An Appreciation: Richard Parkes Bonington
Richard Parkes Bonington was an English landscape painter in the early 19th century. He spent most of his short life in France, where his art influenced subsequent generations of French artists.
Bonington was born in the small town of Arnold, nt far from Nottingham, on October 25, 802. His mother, Eleanor Parker, was a teacher and his father, also named Richard Bonington, was a drawing master and later a lace manufacturer. It is believed that the boy displayed talent for drawing from an early age and that he received his first training in watercolor painting from his father.
In 1817, the Bonington's moved to France. Whether this was due to social unrest in England stemming from the industrial revolution or for economic reasons is unknown. They settled in Calais where the elder Bonington opened a lace manufacturing facility.
While in Calais, young Richard received training from the watercolorist Francois Louis Franzia. Franzia had just returned from a long stay in England where he was a follower of Thomas Girtin. As a result, the training young Bonington received was in the English style pioneered by Girtin.
Bonington also developed a love for the sea coast while in Calais. Consequently, coastal views became a frequent subject in his work.
In 1818, the Boningtons moved again, this time to Paris where the eleder Bonington opened a lace shop. His son enrolled in the Ecole des Beaux Arts where he studied with Baron Antone-Jean Gros, At the same time, Bonington frequented the Louvre, studying the work of the Old Masters and copying Dutch and Flemish landscape paintings.
Bonington and a friend made an extended tour of Normandy in 1821. During that trip, he made two watercolor paintings that he exhibited at the Paris Salon of 1822. He also made lithographs that were published as a successful travel book. The trip inspired Bonington to take more trips to gather subjects for his work.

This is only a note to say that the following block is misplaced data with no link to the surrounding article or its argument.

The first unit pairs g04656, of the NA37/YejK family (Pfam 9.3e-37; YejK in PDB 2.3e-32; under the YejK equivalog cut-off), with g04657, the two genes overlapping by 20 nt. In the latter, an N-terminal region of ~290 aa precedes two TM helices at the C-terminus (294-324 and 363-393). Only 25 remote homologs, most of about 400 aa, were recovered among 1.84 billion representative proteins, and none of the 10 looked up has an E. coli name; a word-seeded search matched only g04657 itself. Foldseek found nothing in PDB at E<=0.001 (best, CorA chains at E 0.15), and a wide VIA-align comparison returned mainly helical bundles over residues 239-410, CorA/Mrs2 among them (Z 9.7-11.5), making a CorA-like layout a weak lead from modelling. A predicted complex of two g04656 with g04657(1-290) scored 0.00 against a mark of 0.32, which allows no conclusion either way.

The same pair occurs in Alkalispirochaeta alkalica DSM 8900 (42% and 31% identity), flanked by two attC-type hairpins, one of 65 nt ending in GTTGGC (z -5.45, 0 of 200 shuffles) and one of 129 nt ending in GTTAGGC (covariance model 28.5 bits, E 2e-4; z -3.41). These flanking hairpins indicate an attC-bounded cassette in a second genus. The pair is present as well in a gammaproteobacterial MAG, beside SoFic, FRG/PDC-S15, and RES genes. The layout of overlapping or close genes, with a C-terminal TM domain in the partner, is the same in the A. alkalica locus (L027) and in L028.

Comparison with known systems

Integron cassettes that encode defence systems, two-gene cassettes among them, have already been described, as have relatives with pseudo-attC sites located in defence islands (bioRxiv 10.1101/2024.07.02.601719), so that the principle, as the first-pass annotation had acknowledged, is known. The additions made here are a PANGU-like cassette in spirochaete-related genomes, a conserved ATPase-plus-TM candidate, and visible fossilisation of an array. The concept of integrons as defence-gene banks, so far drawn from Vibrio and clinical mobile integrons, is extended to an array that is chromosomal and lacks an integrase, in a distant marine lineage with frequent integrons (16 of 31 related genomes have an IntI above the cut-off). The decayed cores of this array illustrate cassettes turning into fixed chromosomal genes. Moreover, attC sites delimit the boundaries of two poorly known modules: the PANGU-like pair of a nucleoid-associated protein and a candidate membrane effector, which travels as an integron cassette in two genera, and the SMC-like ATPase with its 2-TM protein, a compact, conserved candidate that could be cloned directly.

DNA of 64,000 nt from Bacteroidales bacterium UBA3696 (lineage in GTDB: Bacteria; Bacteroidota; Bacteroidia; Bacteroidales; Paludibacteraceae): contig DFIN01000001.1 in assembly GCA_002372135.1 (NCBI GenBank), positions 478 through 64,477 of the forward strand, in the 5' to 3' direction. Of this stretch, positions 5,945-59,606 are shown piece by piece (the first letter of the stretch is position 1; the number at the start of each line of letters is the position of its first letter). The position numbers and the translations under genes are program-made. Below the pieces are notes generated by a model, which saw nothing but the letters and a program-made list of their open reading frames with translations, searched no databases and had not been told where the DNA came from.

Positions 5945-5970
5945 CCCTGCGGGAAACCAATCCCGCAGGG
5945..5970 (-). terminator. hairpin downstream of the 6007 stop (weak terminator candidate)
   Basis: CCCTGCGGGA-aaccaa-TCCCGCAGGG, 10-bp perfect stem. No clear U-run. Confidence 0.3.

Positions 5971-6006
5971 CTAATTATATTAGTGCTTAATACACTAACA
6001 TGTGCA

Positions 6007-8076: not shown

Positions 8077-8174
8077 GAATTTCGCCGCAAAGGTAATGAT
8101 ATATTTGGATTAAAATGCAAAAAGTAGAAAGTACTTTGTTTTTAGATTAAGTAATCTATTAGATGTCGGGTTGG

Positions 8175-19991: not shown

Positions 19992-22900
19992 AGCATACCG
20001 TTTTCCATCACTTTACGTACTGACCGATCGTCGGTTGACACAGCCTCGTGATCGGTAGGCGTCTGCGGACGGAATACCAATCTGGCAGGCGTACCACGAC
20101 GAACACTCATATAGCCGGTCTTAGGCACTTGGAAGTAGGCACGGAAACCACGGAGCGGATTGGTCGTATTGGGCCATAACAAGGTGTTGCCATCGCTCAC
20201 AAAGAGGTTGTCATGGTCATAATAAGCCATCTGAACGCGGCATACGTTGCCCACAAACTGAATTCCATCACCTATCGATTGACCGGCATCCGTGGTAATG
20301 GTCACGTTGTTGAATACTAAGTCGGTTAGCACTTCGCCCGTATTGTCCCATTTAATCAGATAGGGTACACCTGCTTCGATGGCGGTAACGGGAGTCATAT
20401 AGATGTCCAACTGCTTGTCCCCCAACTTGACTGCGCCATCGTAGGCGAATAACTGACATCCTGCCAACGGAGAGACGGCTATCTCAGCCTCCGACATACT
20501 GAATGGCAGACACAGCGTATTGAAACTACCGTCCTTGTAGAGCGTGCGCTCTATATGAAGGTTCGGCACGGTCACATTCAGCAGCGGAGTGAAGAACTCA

In 1824, Bonington traveled to Dunkirk, where he spent several months painting. On of the works he produced was an oil painting, which won a gold medal at the Paris Salon of that year. Also exhibiting at the Salon was John Constable and the paintings by the two Englishmen caused a sensation in Paris. As a result, Bonington developed a following in France and influenced French artists including the Barbizon School and the Impressionists.
The next year, Bonington visited London. Eugene Delacroix was also visiting that city and Bonington renewed his friendship with Delacroix. On their return to Paris, the two artists shared a studio for awhile.
Under Delacroix's influence, Bonington produced some history paintings but landscapes remained his primary interest. He was particularly interested in atmospheric effects and color. In addition. he was also an advocated of plein air painting.
In 1826, Bonington made a tour of Northern Italy, spending a month in Venice. The city had great impact on him and he spent much time making drawings and watercolor paintings of Venice. He also studied the works of the Venetian masters, in particular Canaletto.
Bonington made trips to London in 1827 and 1828 where he exhibited at the Royal Academy. He also exhibited at the Paris Salon.
In the second half of 1828, Bonington had a severe attack of tuberculosis and his parents arranged for him to return to London for treatment. It was to no avail, however. Bonington died there on September 23.
Bonington's influence on art is two fold. First, he was able to incorporate the subtlety of watercolor technique in his oil painting. Second, he was instrumental in bringing the English approach to landscape painting to France where it influenced Jean-Baptiste Camille Corot, the Barbizon artists and the Impressionists.
Bonington often found inspiration in scenes of the French coast, e.g., "An Estuary in Northern France" (above) and "A Scene on the French Coast" (below).
Above: "On The Seine - Morning".
Above: Bonington was enthralled with Venice during his trip there in 1826. "The Ducal Palace with Religious Procession" is not only a scene of Venice but recalls Canaletto.
Below: "Charles I visits Francis I after the Battle of Pavia". Under Delacroix's influence, Bonington ventured into history painting.
Artist appreciation - Richard Parkes Bonington